Book picks similar to
Breaking the Code: A True Story by a Hells Angel President and the Cop Who Pursued Him by Pat Matter
The Rise and Fall of the Cleveland Mafia: Corn Sugar and Blood
Rick Porrello - 1995
Rick Porrello writes about the important connection with mega-mobsters Charles Lucky Luciano and Meyer Lansky, the Cleveland mob's move to Las Vegas, and the first top-level national meeting of the Sicilian-American Mafia.
Bloody Lies: A CSI Scandal in the Heartland
John Ferak - 2014
In fact, the little town had gone more than a century without a single homicide. But on the night of Easter 2006, Wayne and Sharmon Stock were brutally murdered in their home. The murders garnered sensational frontpage headlines and drew immediate statewide attention. Practically everybody around Murdock was filled with fear, panic, and outrage. Who killed Wayne and Sharmon Stock? What was the motive? The Stocks were the essence of Nebraska’s all-American farm family, self-made, God-fearing, and of high moral character. Barely a week into this double murder investigation, two arrests brought a sense of relief to the victims’ family and to local residents. The case appeared to fall neatly into place when a tiny speck of murder victim Wayne Stock’s blood appeared in the alleged getaway car. Then, an obscure clue left at the crime scene took the investigation down a totally different path, stretching into Iowa, Louisiana, New York, Texas, and Wisconsin. By the time this investigation was over, the charges against the original suspects were dismissed and two new individuals emerged from the shadows. Author John Ferak covered the Stock murders from the very beginning, including all of the trial proceedings. When the criminal prosecution finally ended in 2007, he remained puzzled by one nagging question: Why was the blood of victim Wayne Stock in a car that was ultimately proven to have no connection to the murders? Over the next few years, the astonishing “bloody lies” were revealed, culminating in a law enforcement scandal that turned the case on its head and destroyed the career of Nebraska’s celebrated CSI director, David Kofoed.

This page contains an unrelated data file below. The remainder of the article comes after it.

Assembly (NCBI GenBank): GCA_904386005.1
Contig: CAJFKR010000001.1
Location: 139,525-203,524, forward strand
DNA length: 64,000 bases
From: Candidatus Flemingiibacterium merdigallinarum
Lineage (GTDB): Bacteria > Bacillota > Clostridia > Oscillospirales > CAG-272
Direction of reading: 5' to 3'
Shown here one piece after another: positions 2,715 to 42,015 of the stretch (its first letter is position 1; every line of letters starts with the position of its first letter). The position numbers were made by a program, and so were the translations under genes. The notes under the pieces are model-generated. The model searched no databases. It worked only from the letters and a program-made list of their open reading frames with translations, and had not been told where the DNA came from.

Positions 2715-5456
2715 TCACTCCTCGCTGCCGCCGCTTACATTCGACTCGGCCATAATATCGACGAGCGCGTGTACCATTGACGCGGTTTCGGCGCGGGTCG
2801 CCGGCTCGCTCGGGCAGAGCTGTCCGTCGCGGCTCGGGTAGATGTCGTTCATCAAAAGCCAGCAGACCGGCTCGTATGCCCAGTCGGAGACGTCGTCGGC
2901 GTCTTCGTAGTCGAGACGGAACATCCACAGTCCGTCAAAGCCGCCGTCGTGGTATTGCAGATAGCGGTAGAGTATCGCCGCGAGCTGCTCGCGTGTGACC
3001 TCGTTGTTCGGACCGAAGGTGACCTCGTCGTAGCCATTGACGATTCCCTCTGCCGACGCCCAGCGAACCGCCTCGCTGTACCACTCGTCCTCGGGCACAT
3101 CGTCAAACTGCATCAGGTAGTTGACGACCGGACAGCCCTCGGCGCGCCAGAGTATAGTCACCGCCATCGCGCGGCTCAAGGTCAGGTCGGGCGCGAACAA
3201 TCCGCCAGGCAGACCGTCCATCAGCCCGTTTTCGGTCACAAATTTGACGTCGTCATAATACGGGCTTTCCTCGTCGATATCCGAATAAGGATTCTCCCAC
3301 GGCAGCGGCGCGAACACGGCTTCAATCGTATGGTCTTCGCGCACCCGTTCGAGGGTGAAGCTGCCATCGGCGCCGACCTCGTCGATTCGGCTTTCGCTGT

Stolen from the Garden: The Kidnapping of Virginia Piper
William Swanson - 2014
After her husband, a prominent investment banker, paid a $1 million ransom, an anonymous caller directed the FBI to a thickly wooded section of a northern Minnesota state park. There, two days after her nightmare began, Ginny Piper––chained to a tree, filthy and exhausted, but physically unharmed––awaited her rescuers. The intensely private couple lived through a media firestorm. Both Bobby and Ginny Piper herself—naturally reserved and surprisingly composed in the aftermath of her ordeal—were subject to FBI scrutiny in the largest kidnap-for-ransom case in bureau annals. When two career criminals were finally indicted five years after the abduction, the Pipers again took center stage in two long trials before a jury’s verdict made headlines across the nation. Drawing on closely held government documents and exclusive interviews with family members, investigators, suspects, lawyers, and others intimately connected to the case, William Swanson provides the first comprehensive account of the sensational Piper kidnapping and its long, eventful aftermath––and makes a case for the most plausible explanation for what really happened on that July afternoon. William Swanson is the author of Dial M: The Murder of Carol Thompson and Black White Blue: The Assassination of Patrolman Sackett.